Large shopping centres currently sell on very attractive returns so not only could rents fall but yields (that is the yields achieved on commercial property sales rather than rental yields) could rise, which would be a double whammy.

If that process develops, it will reduce retail property values and it may also affect the availability of finance for the retail sector. These are early days and the market has not fully taken this change into account. It is likely that the centres that are least-affected will be those that include supermarkets or downmarket retailers among their tenants. But if you are running an upmarket retail operation, you may need to reduce your rents and change your staff practices to be able to compete with online retailers.

And just to underline this change, JB Hi Fi has been one of the great exploiters of the customer traffic attracted by large shopping centres. JB’s model was based on the strategy that if they sited their stores in a successful shopping centres they would not need to spend as much on promotion because shoppers would be near their stores anyway. JB Hi-Fi is now struggling; the model they have used is not working as well as it did in the past.

A great many Eureka Report readers use listed property trusts, now more commonly known as A-REITs, as a way of gaining secure high-yield income. In the past that strategy encountered problems because too many trusts were highly leveraged. Today most trusts are no longer highly leveraged so they are much safer proposition.

However, they are now facing a change of considerable proportions in the retail sector of their portfolios and retail values could fall. And it is possible that this fall will extend into office developments. In the future, the way we work may involve a much greater decentralisation of labour. That will be particularly so if we get a National Broadband Network.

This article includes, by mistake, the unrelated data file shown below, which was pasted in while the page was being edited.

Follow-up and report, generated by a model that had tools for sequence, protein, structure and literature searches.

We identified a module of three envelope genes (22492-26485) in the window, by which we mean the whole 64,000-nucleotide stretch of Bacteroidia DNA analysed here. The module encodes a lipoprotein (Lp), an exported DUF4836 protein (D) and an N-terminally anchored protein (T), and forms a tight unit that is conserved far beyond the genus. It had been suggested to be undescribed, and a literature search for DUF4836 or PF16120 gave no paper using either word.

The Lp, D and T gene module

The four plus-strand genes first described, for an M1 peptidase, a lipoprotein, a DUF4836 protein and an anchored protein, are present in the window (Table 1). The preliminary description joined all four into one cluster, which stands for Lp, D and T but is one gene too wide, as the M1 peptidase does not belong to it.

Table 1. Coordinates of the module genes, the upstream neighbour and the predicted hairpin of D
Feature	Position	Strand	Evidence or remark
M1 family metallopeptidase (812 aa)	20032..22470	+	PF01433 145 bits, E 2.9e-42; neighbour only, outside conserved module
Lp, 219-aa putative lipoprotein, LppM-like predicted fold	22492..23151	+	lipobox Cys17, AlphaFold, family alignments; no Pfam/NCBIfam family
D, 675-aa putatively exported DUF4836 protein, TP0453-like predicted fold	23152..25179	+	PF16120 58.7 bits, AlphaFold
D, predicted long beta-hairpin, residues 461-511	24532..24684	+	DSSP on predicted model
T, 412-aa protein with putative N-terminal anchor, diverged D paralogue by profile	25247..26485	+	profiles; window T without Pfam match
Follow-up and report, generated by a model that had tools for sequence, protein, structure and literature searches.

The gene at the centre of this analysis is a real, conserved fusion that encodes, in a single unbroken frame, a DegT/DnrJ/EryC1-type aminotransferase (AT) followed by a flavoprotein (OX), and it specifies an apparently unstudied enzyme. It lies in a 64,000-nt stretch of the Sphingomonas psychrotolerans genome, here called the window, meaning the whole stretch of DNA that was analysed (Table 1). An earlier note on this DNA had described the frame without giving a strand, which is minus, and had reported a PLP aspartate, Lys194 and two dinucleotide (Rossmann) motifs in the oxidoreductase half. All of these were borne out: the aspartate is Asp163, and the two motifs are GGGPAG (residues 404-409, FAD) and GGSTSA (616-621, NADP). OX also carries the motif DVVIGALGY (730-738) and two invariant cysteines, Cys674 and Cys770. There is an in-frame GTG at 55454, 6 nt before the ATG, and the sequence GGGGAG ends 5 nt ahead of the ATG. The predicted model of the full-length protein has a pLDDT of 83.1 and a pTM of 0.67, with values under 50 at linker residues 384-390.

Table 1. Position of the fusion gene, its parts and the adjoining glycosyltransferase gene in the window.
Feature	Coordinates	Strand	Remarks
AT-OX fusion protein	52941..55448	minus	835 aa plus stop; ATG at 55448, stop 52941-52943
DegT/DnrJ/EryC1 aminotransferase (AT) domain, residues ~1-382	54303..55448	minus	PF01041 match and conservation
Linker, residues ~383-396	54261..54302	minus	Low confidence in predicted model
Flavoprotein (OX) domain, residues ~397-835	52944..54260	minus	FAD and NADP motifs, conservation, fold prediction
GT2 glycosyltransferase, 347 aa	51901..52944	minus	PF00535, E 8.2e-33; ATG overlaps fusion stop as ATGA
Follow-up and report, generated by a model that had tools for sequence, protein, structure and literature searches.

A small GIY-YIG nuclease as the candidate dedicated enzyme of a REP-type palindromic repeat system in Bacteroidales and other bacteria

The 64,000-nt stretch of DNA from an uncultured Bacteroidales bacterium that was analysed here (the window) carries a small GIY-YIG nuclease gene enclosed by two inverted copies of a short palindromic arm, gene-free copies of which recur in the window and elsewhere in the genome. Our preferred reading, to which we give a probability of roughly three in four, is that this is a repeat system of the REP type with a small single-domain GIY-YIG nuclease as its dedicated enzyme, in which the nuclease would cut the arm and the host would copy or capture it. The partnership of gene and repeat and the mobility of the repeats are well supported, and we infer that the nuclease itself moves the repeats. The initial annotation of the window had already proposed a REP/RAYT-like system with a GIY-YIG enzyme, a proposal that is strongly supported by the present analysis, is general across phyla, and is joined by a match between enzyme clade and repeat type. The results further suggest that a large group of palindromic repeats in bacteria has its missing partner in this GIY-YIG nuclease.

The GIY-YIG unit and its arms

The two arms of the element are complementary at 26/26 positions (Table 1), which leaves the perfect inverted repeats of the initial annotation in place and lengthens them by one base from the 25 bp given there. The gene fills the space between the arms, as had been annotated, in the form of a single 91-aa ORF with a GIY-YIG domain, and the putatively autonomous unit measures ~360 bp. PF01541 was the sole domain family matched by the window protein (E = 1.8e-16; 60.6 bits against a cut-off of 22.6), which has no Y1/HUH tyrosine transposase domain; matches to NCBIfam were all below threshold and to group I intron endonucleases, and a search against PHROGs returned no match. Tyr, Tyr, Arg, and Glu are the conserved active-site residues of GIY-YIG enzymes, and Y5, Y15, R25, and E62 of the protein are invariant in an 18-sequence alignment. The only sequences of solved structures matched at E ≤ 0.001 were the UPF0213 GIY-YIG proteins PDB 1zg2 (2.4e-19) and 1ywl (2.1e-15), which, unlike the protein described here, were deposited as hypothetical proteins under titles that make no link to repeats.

This week I also spent some time talking to Stockland CEO Matthew Quinn. He believes office property is not going to be a good performer because it is a commodity product where supply is relatively easily generated. Moreover, we are going to see a reduction in the number of office workers as the finance industry contracts. Accordingly, he is reducing the Stockland exposure to commercial office buildings.

Stockland believes that the big regional shopping centres, such as those controlled by Westfield (although the Westfield name is never mentioned by Stockland), are in a dangerous position because about 46% of their revenue comes from clothing retailers – they are dominated by medium-priced or upmarket clothing stores. And it is these stores that internet penetration will be at its highest and sometimes will get to 25–30% of the total market. Rents will be under great pressure.

Quinn believes shopping centre growth will come from those centres that are dominated by supermarkets and non-discretionary retailers. Stockland is taking its money out of commercial office blocks and investing into these food-dominated centres, making sure that they are not too big.

This is the reverse of the Westfield strategy. Most superannuation funds, when investing in commercial retail and office property, invest in major listed vehicles. In other situations, smaller investors own shops in centres that may also run into trouble because of the online pricing pressures.

Superimposed on this is the fact that middle-income Australia is under pressure and we may be seeing a narrowing of the disparity between middle and upper income Australia, and those at the low end. All these variables make retail investment the subject of much greater risk than we have ever attached to it in recent decades.

The price of property stocks has risen in recent weeks so it is a good time to conduct a review of your percentage holding. You don’t have to throw it all out but just make sure it is not too big in your overall portfolio.